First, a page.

True vision comes from the heart. This is what our guest, Danelle Umstead, exemplifies. Diagnosed with Retinitis Pigmentosa at the age of 13, Danelle has no central vision and is losing her peripheral vision. But that didn’t stop her from conquering the slopes – literally and figuratively. Danelle is a professional skier, three-time Paralympian and bronze medalist, 53-time world cup medalist, and Dancing with the Stars contestant. She relates how she coped with her disability to create an amazing life with a myriad of accomplishments. One of Danelle’s mantras is to get out of your comfort zone if you’d like to find a new way of life, a sense of freedom and joy. Don’t miss this episode and find inspiration in Danelle’s story of resilience and making the seemingly impossible possible.
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Danelle Umstead On Conquering The Slopes Of Life With Resilience
I am feeling incredibly blessed at this moment. Has had a lovely day and have had a lot of time to be present with my thoughts to feel my body and to get guidance from my body about things that are happening in my life at the moment. As well as the guidance to know how I want to respond at the moment including what I say. I’ve had an opportunity to speak to a number of people already and I’ve enjoyed all those conversations. In the moments that follow, I’m going to get to have an incredible conversation with somebody who is very interesting and incredibly vivacious. She’s a wonderful human and you’re all going to be massively inspired by her story.
You’ll find her very funny, as well. There’ll be so many things that you’ll gain from what we’re about to do. I’ll ask a start with a question and then that’ll lead us. We’re going to start a little bit differently. Have you ever wondered what it would be like to hurdle down a mountain on two skis at speeds of up to 70 miles an hour virtually blind, relying on verbal cues from your guide a few feet in front of you? This is what Danelle Umstead does every single day. That’s who’s our guest is. Danelle, how are you?
I’m good. I’m excited to be with you. Thank you so much for having me. My name is spelled Danelle, but it’s spelled without an I. I tell everybody that’s because I can’t see. That’s it. I can’t see. Maybe if my mom put that I in there, I would’ve been better off. I feel like I have more blessings because I learned who people are true without seeing them.Never give up on yourself and never give in to anything that may not be the best. Click To Tweet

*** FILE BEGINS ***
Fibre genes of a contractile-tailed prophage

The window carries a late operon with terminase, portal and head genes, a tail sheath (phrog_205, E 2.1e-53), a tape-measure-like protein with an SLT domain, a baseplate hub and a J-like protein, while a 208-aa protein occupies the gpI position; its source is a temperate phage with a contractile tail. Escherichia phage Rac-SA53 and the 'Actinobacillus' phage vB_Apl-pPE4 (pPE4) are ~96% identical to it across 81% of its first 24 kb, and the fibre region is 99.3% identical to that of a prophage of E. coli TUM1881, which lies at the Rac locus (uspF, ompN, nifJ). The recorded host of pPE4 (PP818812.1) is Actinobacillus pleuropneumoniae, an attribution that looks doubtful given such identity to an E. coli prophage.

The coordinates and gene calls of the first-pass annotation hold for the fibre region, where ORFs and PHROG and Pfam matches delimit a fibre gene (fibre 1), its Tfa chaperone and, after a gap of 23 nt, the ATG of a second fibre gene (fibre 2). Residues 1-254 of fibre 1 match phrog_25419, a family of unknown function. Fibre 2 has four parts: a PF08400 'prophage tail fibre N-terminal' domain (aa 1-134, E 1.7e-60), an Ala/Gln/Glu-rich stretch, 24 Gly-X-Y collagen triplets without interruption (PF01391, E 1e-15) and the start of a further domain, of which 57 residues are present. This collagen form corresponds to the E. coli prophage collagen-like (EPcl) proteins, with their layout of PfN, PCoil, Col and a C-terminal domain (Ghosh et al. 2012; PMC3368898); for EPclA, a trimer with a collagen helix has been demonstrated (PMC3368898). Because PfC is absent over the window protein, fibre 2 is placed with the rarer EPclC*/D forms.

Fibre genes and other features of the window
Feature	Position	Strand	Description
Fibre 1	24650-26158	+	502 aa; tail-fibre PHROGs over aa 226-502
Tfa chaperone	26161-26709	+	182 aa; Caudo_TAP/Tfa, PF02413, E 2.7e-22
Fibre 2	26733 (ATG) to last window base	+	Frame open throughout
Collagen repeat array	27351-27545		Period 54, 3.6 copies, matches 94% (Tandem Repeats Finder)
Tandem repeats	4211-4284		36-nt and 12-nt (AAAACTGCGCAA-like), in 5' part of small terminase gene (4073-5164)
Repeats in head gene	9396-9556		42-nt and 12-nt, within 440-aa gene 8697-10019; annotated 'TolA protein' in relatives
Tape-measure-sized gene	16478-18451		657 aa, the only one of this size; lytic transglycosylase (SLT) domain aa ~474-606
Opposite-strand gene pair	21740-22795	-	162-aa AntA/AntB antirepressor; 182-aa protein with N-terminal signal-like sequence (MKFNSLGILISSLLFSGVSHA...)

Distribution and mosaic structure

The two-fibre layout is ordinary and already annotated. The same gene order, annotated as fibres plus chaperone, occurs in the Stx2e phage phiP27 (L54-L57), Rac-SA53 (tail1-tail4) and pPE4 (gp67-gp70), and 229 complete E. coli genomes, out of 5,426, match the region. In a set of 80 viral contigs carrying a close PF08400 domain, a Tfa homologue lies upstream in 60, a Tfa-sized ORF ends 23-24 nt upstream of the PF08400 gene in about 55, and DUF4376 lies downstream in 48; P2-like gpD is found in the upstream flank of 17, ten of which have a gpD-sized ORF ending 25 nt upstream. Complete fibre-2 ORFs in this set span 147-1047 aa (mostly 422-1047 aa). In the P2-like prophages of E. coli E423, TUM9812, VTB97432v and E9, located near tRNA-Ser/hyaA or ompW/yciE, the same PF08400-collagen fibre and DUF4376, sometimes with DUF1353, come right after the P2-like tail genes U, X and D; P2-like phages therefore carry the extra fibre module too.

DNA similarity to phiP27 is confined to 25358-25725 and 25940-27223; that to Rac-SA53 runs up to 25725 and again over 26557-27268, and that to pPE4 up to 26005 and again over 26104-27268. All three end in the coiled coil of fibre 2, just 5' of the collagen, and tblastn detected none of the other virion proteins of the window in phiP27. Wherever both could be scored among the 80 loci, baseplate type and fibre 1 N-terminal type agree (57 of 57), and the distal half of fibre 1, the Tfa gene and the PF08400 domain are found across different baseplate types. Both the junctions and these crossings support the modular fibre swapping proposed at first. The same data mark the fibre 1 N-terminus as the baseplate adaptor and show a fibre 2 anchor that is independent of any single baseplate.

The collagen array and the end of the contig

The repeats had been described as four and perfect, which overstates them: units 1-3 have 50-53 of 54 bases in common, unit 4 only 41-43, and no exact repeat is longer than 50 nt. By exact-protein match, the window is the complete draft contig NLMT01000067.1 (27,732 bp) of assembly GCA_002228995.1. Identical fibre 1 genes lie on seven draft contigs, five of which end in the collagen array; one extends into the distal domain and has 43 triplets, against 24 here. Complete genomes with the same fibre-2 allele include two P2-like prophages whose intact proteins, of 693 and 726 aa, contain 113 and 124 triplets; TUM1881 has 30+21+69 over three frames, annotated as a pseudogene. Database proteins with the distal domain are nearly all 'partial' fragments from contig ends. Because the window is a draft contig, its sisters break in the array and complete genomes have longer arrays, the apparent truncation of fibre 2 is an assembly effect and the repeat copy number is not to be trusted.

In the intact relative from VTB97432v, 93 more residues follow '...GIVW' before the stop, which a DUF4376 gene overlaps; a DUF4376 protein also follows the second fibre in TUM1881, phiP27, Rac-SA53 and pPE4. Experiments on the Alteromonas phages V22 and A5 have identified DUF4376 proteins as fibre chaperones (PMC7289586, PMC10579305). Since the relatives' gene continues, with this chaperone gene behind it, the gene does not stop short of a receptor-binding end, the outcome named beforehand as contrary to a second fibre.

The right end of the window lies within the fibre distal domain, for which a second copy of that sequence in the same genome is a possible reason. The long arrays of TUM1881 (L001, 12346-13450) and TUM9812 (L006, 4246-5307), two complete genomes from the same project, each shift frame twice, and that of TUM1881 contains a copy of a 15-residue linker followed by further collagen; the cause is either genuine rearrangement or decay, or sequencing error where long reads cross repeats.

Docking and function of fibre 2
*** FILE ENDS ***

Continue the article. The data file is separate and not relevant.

You’re in beautiful Park City, Utah.
Park City, Utah with a lot of snow and the Sundance is going on this time and it’s nice and busy and snowy and beautiful. I love where I live. I feel blessed every day.
My wife Randi and I got to spend some time in a while. We spent a number of trips. We’ve been to parks to Salt Lake City a number of times. In Park City, only once we went to the Sundance Film Festival and we went into Park City. We were actually staying at that little property that Robert Redford owns. It’s where the Sundance thing began. We went into Park City and experienced the energy, the excitement, and the traffic. I haven’t thought about this in a while but on the way back from our day/evening of eating and drinking and everything else in Park City. We were driving back to Sundance and it was on the highway. I got pulled over for over speeding. I had to rent a car and everything. I remember that the police officer, I can’t remember if he was a state or a local officer, but he looked like he could have been my kid. He looked about sixteen years old or something. I went back, he took my license and registration, went back to his car and I said to my wife, “I’ll totally get the ticket.”
He came back. He was the nicest. It’s weird to say this about a cop, but he was a sweet young man. He realized, “This is a tourist. This is somebody out here.” We weren’t doing anything dangerous or whatever. He gave me a warning. He says, “I want you to get back to your hotel safely and enjoy yourself while you’re here.” I thought, “That was cool.” It left a good taste in my mouth. Even that I was breaking the rules, but I got away. Is that what it’s all about? Is that the culture? Break the rules in Park City, but you’ll be okay.
People are kind here. The locals are amazing and very welcoming to tourists because they help our city and we love it.